Growing number of telecommuters changing job market
A sweeping change has transformed the job market.
But it’s been happening slowly – over the course of three decades – so you may not have noticed, unless it’s occurring right under your own roof.
Some 4.4 percent of all workers work from home, up from 2.3 percent in 1980, according to the U.S. Census Bureau’s American Community Survey.
While 4.4 percent may sound like it’s still a tiny slice, it’s not, say experts. Stanford University economics professor Nicholas Bloom, for instance, notes that the rise is “massive and reflects a widespread increase in home-based working.”
Moreover, the data understates the trend, because millions work at home for part of their workweek, adds Anthony Carnevale, director of Georgetown University’s Center on Education and the Workforce.
“If your job is unloading trucks, you can’t work at home,” says Carnevale. But since the 1980’s there’s been a shift from manufacturing and other on-site jobs to work that requires only a telephone and/or a computer, he explains..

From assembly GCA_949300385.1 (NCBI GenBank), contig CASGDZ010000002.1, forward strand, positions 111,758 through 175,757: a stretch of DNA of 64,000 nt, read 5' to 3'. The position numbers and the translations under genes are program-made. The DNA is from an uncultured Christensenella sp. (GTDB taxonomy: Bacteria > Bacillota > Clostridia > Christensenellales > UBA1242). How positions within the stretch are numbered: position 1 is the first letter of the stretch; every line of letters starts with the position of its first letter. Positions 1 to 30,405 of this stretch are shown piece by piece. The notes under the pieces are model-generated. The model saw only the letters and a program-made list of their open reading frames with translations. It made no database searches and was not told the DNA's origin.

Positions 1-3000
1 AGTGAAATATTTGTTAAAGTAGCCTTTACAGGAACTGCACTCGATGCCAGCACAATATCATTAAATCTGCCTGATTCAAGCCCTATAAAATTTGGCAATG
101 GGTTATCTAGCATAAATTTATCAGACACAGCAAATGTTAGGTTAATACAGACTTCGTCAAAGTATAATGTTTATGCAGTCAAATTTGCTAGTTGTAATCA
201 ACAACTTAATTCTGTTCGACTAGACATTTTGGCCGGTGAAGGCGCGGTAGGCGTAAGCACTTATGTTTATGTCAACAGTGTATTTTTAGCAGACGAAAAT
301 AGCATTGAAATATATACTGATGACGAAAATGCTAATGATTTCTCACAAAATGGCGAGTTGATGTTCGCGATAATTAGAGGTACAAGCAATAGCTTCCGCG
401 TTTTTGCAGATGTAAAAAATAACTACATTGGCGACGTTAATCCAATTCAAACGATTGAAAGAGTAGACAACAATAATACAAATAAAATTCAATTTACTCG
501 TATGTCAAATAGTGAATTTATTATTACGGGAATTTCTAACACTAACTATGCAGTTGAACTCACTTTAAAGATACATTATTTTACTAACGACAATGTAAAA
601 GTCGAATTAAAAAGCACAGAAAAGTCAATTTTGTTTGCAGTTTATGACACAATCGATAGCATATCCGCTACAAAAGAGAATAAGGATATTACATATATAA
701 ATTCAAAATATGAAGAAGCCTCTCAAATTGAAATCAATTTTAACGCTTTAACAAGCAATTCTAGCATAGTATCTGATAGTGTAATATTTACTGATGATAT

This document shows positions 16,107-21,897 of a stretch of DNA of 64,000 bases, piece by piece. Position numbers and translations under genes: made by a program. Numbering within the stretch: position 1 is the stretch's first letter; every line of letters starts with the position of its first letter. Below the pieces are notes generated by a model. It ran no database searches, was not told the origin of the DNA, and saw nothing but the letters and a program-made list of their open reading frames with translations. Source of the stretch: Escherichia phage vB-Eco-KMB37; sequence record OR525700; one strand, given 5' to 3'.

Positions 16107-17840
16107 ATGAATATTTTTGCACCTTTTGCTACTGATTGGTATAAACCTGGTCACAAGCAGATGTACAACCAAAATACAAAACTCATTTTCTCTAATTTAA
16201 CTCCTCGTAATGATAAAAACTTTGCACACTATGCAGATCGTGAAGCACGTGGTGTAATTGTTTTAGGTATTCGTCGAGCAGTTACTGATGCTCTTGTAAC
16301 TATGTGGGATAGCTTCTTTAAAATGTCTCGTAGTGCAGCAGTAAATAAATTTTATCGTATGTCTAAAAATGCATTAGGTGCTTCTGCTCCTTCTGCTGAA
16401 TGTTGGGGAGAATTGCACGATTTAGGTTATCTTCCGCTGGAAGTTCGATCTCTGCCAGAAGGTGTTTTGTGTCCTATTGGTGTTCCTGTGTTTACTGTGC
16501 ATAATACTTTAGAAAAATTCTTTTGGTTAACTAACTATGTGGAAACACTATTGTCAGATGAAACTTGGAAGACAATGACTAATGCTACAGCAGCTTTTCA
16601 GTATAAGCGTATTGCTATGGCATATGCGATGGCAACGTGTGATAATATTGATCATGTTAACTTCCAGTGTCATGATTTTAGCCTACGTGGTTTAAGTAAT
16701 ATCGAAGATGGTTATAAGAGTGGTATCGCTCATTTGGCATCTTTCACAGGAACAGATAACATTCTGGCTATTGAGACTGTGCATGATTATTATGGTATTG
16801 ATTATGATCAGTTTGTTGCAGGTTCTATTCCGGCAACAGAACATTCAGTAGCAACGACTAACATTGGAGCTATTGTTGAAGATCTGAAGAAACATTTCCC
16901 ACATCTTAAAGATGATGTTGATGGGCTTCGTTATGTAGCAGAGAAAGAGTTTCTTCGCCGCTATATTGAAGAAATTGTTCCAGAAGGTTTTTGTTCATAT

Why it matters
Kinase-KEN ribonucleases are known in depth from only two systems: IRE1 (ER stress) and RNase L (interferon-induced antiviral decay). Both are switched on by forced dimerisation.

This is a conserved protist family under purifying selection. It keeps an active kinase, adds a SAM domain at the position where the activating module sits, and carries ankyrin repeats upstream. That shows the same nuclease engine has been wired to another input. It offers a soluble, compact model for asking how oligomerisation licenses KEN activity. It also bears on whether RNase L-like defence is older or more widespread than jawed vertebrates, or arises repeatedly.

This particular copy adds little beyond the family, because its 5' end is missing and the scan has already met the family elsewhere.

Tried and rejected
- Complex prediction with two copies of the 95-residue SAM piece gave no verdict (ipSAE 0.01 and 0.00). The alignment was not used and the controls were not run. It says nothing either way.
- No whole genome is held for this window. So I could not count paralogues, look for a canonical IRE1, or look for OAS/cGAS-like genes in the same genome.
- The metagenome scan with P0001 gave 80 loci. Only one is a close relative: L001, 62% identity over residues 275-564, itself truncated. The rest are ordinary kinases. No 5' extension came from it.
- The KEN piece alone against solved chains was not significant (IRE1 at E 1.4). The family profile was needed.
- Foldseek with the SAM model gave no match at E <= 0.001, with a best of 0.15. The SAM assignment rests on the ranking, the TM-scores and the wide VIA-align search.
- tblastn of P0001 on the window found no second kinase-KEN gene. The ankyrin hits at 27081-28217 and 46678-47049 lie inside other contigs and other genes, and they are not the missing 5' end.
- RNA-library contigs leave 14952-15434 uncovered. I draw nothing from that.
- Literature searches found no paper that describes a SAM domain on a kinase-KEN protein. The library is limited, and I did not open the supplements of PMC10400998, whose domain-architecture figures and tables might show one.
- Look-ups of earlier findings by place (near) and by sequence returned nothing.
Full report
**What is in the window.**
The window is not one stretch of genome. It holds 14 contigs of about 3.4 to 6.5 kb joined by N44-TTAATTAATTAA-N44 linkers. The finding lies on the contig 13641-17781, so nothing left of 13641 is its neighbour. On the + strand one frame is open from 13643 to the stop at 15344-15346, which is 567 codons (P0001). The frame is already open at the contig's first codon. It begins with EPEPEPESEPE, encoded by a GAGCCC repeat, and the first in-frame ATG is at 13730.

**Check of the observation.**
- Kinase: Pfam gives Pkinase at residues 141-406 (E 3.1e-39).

“Full-time, at-home jobs are offered by a wide variety of industries, which is often surprising to people,” adds Sara Sutton Fell, CEO of FlexJobs.
Home-based workers can command pay commensurate with on-site workers, according to Carnevale.
“The distribution of salaries for home workers is wide,” he says. “A lawyer who’s a partner in a firm, for instance, may work at home and earn a lot of money,”
However, Carnevale notes that one key reason companies like home-based employees is because they can easily “expand and contract these networks [of home-based workers]. When business declines, these are the people who lose their job, whereas the ‘core’ workforce usually are working on-site.”
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